Wednesday, July 20, 2011

Two things I don’t miss about working in a Christian organisation

Just over a year ago I started a new job, moving out of a Christian charity where I had worked for six and a half years to take up a role in the public sector.

Since then a number of Christians have asked me if I have found it difficult working in a non-Christian environment. I think my answer has surprised many people. No, I haven’t found it difficult. In fact, I would not rush back into working for a Christian organisation.

That feels like it's a vaguely heretical thing to say, and I do feel like I'm breaking ranks here.

It’s not because Christians are terrible to work with (although some are beyond difficult), or that there is anything inherently wrong with explicitly trying to create a Christian ethos in a workplace. There are one or two things I miss, like opening meetings with a prayer, but working outside the Christian bubble has helped me identify two of the things that really irritated me when I was inside.

The first is the ‘assumption of grace’. This basically runs that a person can act in any immature, selfish, ignorant way, and because ‘we’re all Christians here’, they will be ‘forgiven’ for it. Now I sometimes lose my temper in work, I say things I regret. We all do and I need grace from my colleagues and managers as much as the next person.

But to assume that grace will be shown isn’t helpful. Incompetency gets glossed over and no one ever gets called on it. When you’re talking planning projects with significant budgets, or a co-worker you have to go through who always does it ‘their way’ that seems to add unnecessary steps to a simple process, that’s not so great.

It’s quite hard to genuinely forgive someone when there is an expectation that you will show grace, however big a jackass they are being. All those things that are left unsaid build up. Eventually you anticipate failure and you lose focus and commitment. Your work becomes mediocre. You cease to care.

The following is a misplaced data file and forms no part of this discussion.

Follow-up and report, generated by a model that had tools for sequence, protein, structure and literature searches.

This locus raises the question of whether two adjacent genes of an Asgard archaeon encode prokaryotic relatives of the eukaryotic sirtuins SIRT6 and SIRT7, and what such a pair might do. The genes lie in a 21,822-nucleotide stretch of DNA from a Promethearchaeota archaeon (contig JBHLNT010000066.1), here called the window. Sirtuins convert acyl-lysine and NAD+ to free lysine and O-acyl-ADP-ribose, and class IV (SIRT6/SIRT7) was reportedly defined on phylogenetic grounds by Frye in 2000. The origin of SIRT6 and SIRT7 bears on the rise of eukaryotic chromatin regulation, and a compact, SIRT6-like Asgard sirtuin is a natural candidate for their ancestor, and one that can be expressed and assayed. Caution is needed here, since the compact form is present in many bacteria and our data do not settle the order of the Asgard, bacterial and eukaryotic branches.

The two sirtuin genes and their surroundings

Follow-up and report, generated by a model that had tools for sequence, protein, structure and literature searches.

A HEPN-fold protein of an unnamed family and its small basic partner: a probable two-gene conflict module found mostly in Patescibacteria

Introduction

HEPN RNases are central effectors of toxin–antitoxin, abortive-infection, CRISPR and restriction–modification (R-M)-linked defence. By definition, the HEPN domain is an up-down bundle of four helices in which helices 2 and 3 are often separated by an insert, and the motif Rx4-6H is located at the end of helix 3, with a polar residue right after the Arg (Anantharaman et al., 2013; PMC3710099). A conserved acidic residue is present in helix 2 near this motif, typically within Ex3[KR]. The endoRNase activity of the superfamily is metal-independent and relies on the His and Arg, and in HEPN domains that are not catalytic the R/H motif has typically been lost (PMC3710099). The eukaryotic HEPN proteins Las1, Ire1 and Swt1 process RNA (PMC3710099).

Quite simply, you can never resolve the issue because you can never vocalise how you really feel because if you react to provocation then you’ve failed as a Christian. Never mind that the provoker is free to continue provoking.

The second thing is the over-spiritualisation. ‘We’re facing a lot of opposition, here’ says the manager whose primary problem seems to be deficient planning skills.

I was in a meeting once with a member of our fundraising team who stated explicitly to me that the appeal mailings that had been re-written under strict direction from senior managers were now ‘awful’. A few months later, when the mailing had bombed, there were urgent calls for staff to pray about the financial straits the organisation was in, which was presented as a spiritual ‘attack’.

At what point does incompetency, organisational inertia, bad logistical planning, or just a plain old mistake become a spiritual issue? Normally, when it becomes apparent because the money isn’t coming in, or an event is happening the next day and the materials for it are still at the printers.

Finding spiritual explanations for low quality business working would be a very interesting subject to explore more fully some time. Oh, I have stories.

So, those are two things I don’t miss. True, there are frustrations in my new workplace, and probably every workplace, but they are less troublesome to me because they are at least grounded in reality. If someone is being a bit of a pratt, you can call them on it. If things go wrong, it’s usually because of a fixable issue, rather than being the work of Satan.

I find that a much more rational and helpful working environment.

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